Gold production in Zimbabwe has suffered its biggest drop since 1916, according to the country's Chamber of Mines.
Political tensions have meant that the troubled southern African nation has not benefited from the current high prices of precious metals. In the 12 months to March, the country produced only eight metric tonnes of gold, as opposed to 16 tonnes in 2006 and 27 tonnes in 1999.
The chamber's chairman, Jack Murehwa, commented: "Our industry continues to experience declines in volumes despite the very buoyant mineral prices which prevailed for the past 18 months."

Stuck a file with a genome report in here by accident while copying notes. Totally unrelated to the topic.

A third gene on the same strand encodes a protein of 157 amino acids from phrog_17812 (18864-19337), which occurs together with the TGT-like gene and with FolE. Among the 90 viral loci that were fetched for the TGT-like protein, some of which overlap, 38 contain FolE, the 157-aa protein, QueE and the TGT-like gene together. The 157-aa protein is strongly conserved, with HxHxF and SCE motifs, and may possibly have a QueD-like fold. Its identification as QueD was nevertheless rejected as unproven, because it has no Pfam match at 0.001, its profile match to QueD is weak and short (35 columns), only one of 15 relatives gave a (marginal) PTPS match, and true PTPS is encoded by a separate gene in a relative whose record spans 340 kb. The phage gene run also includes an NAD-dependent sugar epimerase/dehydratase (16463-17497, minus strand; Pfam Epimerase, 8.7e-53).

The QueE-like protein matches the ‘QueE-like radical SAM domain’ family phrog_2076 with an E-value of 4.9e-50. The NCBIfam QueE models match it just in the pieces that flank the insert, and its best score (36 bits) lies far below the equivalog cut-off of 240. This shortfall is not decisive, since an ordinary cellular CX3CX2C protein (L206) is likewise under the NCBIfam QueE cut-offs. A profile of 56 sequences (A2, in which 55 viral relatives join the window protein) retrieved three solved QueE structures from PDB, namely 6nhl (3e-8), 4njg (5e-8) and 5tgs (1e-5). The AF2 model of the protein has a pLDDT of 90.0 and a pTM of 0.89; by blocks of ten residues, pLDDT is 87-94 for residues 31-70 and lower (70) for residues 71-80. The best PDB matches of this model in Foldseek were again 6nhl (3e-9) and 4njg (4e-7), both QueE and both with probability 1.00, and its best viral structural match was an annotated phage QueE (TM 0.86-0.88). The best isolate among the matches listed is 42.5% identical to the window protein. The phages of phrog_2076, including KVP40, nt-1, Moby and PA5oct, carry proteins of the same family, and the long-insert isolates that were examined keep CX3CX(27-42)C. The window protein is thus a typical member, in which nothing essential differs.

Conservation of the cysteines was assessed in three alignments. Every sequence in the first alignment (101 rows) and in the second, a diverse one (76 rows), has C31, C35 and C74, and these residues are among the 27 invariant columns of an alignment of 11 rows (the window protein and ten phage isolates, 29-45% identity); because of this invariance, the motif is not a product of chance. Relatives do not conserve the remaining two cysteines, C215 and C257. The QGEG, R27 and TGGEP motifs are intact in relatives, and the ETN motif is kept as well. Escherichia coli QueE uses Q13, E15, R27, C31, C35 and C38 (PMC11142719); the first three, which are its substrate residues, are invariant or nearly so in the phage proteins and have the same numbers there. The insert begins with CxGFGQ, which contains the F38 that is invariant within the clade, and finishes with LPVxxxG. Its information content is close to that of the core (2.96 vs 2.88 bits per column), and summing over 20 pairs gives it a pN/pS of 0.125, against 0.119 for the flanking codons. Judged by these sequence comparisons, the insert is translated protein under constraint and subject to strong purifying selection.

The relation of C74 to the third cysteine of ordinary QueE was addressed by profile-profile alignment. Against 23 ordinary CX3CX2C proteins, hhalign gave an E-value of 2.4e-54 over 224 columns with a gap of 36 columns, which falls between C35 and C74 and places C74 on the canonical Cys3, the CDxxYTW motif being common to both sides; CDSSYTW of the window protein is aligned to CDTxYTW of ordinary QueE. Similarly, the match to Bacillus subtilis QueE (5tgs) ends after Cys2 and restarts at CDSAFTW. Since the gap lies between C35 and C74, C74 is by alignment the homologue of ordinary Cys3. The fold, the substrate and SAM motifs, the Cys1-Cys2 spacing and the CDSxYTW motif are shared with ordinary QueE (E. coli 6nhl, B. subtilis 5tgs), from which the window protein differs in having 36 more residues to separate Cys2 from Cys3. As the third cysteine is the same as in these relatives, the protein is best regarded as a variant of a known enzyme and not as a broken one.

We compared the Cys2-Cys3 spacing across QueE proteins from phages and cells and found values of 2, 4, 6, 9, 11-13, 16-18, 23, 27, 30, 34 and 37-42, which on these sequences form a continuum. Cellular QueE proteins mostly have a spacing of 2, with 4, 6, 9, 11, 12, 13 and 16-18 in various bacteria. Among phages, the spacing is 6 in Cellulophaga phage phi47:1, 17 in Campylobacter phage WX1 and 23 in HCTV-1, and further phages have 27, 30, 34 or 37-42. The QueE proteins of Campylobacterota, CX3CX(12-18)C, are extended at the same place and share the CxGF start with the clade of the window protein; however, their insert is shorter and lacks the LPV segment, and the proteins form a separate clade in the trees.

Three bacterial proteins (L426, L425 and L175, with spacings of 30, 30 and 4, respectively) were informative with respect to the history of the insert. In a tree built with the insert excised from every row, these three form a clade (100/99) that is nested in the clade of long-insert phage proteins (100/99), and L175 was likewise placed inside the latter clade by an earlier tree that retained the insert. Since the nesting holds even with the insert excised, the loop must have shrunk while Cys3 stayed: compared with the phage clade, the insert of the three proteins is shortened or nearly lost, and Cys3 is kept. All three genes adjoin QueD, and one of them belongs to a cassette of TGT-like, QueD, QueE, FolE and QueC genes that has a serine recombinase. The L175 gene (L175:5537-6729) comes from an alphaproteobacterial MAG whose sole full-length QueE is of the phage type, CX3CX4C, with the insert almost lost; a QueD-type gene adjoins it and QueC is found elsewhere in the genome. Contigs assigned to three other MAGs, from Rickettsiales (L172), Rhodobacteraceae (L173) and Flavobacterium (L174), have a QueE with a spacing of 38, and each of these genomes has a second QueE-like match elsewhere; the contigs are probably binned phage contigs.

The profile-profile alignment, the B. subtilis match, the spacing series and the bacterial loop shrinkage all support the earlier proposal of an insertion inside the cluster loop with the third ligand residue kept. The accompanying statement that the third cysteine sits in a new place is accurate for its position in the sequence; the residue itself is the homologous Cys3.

"What excuse can our industry give for not benefiting from this worldwide boom in metal prices?"
He pointed to hyperinflation and shortage of oil as factors that were causing potential investors to shy away from Zimbabwe's mining sector.
External investors have also been apprehensive about government proposals to introduce a minimum 51 per cent stake in all the country's mining projects in a black empowerment drive, the Herald reports.
"We believe that solutions for our sector lie in the resolve by the authorities to take bold steps towards making and adopting long-term policies that will support and encourage the development of the mining industry in Zimbabwe," Mr Murehwa concluded.